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The dack.com investment strategy
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The dack.com Investment Strategy
A super-cap value strategy with a contrarian twist.
The dack.com investment strategy is simple: buy value stocks among the fifty largest US and foreign companies. It's a combination of two investment philosophies that have proven their worth over time:

Choose Value Stocks Over Growth Stocks
Growth stocks trounced value stocks in 1998 and the beginning of 1999, but since 1970 value stocks have beaten growth stocks by an average of four percentage points per year - 20% to 16%.
Value beats growth, with less risk.
(Value represented by the 100 companies with the lowest P/Es among the 500 largest companies, growth represented by the 100 companies with the highest P/Es). Value's superior performance has come with a lot less risk than high-flying (and hard-falling) growth stocks, and value holds up much better than growth in a down market. Value certainly has fallen out of favor recently, but long-term investors will be rewarded by sticking with it.

Choose (Really) Big Stocks Over Small Stocks
Small-cap stocks have actually outperformed large-cap stocks since 1926, but in most of those years big stocks beat small stocks.
Big beats small, except off the bottom of a bear market.
Small-caps' big gains have come from just seven spectacular years, (1933-34, 1943-44 and 1975-77), all of them huge bounces off major market bottoms. Without those seven years, small stocks have lagged big stocks by 1.5% per year since 1926, and with much higher risk. Focus on small stocks only off the bottom of a bear market (something that's nowhere in sight), and until then reap bigger returns by investing in large-cap stocks.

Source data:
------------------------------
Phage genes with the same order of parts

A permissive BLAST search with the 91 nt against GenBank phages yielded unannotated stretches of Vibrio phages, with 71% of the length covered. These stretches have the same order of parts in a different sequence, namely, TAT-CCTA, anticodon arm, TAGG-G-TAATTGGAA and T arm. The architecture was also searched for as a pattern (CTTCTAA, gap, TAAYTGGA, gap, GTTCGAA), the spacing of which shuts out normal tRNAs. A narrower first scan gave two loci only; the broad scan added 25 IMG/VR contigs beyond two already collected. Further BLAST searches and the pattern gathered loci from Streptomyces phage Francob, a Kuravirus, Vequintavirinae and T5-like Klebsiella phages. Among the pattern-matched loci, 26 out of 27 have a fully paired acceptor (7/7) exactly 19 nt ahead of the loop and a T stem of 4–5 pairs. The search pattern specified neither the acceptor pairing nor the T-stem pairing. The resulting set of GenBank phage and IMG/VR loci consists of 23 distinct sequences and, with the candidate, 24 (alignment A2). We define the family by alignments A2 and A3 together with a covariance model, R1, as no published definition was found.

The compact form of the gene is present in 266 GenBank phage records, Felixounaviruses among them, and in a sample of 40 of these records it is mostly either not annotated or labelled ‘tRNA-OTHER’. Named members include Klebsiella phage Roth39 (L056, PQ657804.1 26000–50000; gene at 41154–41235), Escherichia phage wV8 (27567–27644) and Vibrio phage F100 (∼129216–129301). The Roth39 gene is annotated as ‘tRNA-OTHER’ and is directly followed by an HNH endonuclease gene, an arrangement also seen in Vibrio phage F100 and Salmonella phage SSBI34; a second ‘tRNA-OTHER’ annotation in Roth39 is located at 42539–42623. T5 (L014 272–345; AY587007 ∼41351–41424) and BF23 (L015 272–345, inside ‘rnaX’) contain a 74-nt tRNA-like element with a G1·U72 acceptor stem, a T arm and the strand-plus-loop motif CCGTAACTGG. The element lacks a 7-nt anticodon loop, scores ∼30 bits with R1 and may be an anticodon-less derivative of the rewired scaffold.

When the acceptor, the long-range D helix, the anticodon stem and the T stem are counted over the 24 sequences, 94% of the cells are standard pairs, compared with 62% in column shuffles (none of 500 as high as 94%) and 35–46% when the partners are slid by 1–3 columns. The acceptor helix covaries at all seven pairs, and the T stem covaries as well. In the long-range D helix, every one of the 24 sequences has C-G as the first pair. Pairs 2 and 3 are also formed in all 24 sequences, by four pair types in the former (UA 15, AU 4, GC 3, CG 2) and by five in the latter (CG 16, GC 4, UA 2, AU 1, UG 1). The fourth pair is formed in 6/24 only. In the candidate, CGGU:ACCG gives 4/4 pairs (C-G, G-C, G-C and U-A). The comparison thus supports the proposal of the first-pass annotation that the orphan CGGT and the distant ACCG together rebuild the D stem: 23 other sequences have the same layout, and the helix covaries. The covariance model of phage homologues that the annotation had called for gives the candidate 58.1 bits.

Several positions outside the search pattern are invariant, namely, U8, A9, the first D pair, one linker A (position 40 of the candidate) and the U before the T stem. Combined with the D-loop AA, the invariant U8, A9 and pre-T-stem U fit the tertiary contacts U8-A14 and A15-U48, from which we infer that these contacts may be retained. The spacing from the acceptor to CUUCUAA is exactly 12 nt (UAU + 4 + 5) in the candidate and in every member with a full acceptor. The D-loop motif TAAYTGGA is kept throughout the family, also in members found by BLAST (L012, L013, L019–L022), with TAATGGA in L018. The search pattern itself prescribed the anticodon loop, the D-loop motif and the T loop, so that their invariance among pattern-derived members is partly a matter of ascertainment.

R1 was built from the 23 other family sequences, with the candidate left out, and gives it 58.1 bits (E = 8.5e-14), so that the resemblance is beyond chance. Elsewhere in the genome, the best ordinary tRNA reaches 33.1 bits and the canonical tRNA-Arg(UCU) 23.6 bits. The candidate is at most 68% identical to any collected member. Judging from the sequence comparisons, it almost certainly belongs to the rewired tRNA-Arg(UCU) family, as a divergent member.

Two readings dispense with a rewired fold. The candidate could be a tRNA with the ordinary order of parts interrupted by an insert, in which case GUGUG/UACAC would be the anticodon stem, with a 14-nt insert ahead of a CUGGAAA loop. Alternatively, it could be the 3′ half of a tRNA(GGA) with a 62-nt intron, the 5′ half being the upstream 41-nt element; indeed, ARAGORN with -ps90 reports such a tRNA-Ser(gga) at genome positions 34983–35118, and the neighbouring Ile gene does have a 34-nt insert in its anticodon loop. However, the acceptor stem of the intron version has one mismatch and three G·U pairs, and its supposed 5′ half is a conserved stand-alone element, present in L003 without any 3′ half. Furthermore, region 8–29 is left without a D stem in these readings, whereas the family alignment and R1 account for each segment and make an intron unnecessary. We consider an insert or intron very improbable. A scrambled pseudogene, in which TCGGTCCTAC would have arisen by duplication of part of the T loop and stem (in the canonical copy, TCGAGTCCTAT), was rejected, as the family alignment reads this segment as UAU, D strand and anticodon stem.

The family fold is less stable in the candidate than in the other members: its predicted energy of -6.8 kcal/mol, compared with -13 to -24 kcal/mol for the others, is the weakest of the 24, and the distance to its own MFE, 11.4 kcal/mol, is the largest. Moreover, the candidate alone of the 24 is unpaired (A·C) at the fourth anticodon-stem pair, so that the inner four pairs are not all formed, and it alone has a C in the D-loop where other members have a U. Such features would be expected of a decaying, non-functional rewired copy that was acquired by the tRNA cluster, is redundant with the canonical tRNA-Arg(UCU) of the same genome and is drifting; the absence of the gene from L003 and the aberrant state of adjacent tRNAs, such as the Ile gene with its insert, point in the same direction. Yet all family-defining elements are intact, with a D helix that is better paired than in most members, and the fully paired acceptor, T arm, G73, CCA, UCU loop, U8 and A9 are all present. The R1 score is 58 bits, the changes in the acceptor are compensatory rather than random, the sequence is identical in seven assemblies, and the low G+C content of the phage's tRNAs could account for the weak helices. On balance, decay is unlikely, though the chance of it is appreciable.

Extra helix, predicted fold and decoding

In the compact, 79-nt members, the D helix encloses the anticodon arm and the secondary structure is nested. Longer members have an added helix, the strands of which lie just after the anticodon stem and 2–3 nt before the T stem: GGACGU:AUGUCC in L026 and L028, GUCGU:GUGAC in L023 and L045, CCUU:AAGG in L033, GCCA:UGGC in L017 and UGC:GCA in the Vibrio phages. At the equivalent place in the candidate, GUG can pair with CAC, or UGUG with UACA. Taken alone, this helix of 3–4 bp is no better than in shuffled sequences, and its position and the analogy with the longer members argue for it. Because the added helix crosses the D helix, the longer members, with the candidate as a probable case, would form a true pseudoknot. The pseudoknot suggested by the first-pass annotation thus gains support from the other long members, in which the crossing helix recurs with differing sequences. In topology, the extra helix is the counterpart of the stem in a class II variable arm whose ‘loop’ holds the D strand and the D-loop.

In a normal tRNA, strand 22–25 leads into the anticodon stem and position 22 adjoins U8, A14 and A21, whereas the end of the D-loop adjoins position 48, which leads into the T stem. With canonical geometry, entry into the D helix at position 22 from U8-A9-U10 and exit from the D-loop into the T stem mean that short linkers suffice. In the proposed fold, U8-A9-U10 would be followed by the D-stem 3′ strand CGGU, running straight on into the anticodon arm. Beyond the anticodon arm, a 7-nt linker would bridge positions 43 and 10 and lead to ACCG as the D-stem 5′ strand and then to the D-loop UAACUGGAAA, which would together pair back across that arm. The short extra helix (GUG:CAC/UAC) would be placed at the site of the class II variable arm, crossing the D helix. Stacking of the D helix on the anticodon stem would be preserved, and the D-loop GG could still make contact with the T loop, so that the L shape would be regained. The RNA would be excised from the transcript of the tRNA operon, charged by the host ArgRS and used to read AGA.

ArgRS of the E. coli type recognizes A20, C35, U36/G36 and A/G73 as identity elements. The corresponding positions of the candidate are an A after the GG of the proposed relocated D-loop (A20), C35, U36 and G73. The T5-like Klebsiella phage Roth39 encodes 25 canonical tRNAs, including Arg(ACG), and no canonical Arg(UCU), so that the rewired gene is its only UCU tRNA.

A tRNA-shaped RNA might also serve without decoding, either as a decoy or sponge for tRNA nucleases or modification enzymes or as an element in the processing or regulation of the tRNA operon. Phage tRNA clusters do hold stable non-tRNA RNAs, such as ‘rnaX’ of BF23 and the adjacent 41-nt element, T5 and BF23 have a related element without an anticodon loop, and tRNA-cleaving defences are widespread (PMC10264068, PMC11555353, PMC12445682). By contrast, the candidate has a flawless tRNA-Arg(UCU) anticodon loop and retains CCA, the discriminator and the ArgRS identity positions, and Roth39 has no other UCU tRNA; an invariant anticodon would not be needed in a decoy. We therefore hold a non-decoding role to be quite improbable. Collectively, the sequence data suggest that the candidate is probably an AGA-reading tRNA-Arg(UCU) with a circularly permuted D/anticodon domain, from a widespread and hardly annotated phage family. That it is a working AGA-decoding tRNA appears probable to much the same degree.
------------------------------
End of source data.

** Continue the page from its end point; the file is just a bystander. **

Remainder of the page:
Finding the Right Stocks
Armed with a stock-picking strategy, you'll need to identify the stocks that match the aforementioned investment criteria. A handy tool I use to identify value among the largest foreign and domestic stocks is MarketGuide's free online stock-screening application called NetScreen. Once you figure out how to use the app, you can create stock screens based on dozens of criteria. I, of course, identify stocks with very large market capitalizations and low P/E multiples, and add various other criteria such as high EPS growth rate, strong cash flow, low debt, and high dividend yield.

dack.com Investment Corollary
Software like NetScreen uses cold, hard data to identify stocks that match one's investment criteria. This is helpful, and should an important part of your stock selections, but it doesn't take into consideration one criterion that makes a stock's price move: investor attitude.
Use bad news to your advantage: buy stock when shares are "on sale."
Contrarians can use this to their advantage, buying discounted shares in great companies when they've suddenly become unpopular or gone out of favor with the investing masses. So, once you've identified a handful of stocks that meet your investment criteria, be especially alert when one of these companies is being sued, poorly handles a PR problem, or receives an unusual amount of negative coverage in financial publications. This is typically a good time to buy, or add to an existing position.

an old-school contrarian
It's much easier said than done, but Baron Rothchild left us with some timeless investment advice:

"Buy when the cannons are booming and sell when the violins are playing."

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